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Rancho Los Alamitos is listed twice on the National Register of Historic Places - once as the Tongva village of Povuu’ngna, the ancestral homeland of the native people of the Los Angeles Basin and, second, for the evolution of its significant historic landscape over time. The site includes an ancient kitchen midden, a ranch house (1790-1933), four acres of lush historic gardens developed during the 1920s and 30s, and the restored working ranch barnyard of the early-mid 1900s. The site reflects this 1500-year history and the many people who have called it home.

Today, Rancho Los Alamitos is 7.5 acres, a rare vestige of the original 300,000-acre Los Coyotes land concession given to Manuel Nieto in 1790 for his service on the Gaspar de Portolá expedition to California under the Spanish Crown. However, the story of Rancho Los Alamitos precedes these first newcomers, for the historic site is also part of the ancestral village of Povuu’ngna, the traditional place of origin of the native Tongva people of the Los Angeles Basin, and still a sacred place.

Nieto’s vast land holdings included 25,500 acres which in 1833 became Rancho Los Alamitos—Ranch of the Little Cottonwoods. The name suggested its most valuable asset since cottonwoods grow near water, and grew plentifully near the natural springs of Povuu’ngna below the hill. For Nieto, the land was a ranching gem and reward from the Spanish Crown. Subsequent owners Governor José Figueroa and Yankee Don Abel Stearns saw the site as a smart investment and perhaps a haven away from rough Los Angeles. To generations of the Bixby family, the ranch’s last private owners, and the workers, tenant and lease farmers who worked there, Rancho Los Alamitos was an enterprising ranch that would endure for almost a century through the rise of modern-day Long Beach.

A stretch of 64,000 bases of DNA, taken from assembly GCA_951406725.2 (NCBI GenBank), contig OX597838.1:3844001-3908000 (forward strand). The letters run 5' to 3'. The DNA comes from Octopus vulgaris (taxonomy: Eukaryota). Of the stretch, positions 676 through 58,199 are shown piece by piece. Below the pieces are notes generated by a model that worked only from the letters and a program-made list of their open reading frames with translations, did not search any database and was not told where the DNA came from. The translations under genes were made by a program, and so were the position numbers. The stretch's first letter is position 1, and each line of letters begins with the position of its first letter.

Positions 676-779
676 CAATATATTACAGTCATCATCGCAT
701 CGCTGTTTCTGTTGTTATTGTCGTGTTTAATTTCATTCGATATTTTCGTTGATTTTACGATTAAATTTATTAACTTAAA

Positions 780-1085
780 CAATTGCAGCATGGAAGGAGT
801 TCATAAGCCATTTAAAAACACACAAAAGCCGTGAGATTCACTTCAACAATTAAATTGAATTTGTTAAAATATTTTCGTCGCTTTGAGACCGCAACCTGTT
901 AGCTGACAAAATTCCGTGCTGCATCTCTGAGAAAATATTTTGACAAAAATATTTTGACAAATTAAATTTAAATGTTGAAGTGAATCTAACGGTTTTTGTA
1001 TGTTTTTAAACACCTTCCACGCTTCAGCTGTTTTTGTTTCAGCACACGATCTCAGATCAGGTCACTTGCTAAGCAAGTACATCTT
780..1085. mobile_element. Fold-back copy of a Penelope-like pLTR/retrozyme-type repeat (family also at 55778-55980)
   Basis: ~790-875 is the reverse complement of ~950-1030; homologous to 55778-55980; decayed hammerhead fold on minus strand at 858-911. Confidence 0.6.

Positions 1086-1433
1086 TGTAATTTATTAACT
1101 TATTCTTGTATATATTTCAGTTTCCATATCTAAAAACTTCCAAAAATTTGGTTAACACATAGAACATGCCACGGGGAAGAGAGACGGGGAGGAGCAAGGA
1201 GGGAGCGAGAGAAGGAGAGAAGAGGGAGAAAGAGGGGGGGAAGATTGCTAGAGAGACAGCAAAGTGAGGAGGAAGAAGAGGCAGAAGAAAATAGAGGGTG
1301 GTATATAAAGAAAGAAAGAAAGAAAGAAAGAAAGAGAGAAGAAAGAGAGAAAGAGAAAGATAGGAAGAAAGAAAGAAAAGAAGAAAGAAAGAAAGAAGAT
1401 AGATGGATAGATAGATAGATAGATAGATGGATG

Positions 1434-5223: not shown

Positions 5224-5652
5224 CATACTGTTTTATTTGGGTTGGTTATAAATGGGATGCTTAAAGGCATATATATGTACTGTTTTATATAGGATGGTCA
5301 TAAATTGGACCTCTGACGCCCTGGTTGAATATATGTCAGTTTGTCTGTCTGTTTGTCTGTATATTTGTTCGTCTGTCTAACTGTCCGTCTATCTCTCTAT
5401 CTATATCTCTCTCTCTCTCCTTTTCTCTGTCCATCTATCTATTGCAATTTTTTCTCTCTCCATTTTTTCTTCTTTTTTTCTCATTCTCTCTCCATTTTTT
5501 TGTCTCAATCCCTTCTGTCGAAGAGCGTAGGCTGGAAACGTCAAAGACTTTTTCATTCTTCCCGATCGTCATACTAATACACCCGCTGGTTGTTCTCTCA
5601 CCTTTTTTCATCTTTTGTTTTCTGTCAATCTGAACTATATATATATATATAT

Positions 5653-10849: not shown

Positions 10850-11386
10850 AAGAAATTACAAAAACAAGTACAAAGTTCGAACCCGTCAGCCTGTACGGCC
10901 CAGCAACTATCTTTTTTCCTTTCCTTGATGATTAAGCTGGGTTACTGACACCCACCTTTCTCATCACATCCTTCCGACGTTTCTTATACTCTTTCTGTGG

From the time of ancestral Povuu’ngna through the Spanish-Mexican era of land concessions and grants native workers fueled the Alta California economy. In turn, the early American era owners of Alamitos, like other Yankee dons throughout the state, relied on successive workers from the U.S., Europe, China, and Japan to cultivate fields and raise livestock, and in the twentieth century, depended on labor from Mexico as well as Belgian tenant and Japanese lease farmers. During the 1880’s booming real estate, 5,000 acres of Alamitos land were developed, and by the early twentieth century, Alamitos oil subsidized the remaining 3,600-acre ranch, but the Black gold flowed over open space into rampant urban growth.

In 1968, the children of Fred and Florence Bixby, the last private owners, donated the family ranch to the City of Long Beach, transforming what had been a working ranch to a public oasis and setting the stage for what Rancho Los Alamitos is today—a place for all time and for everyone.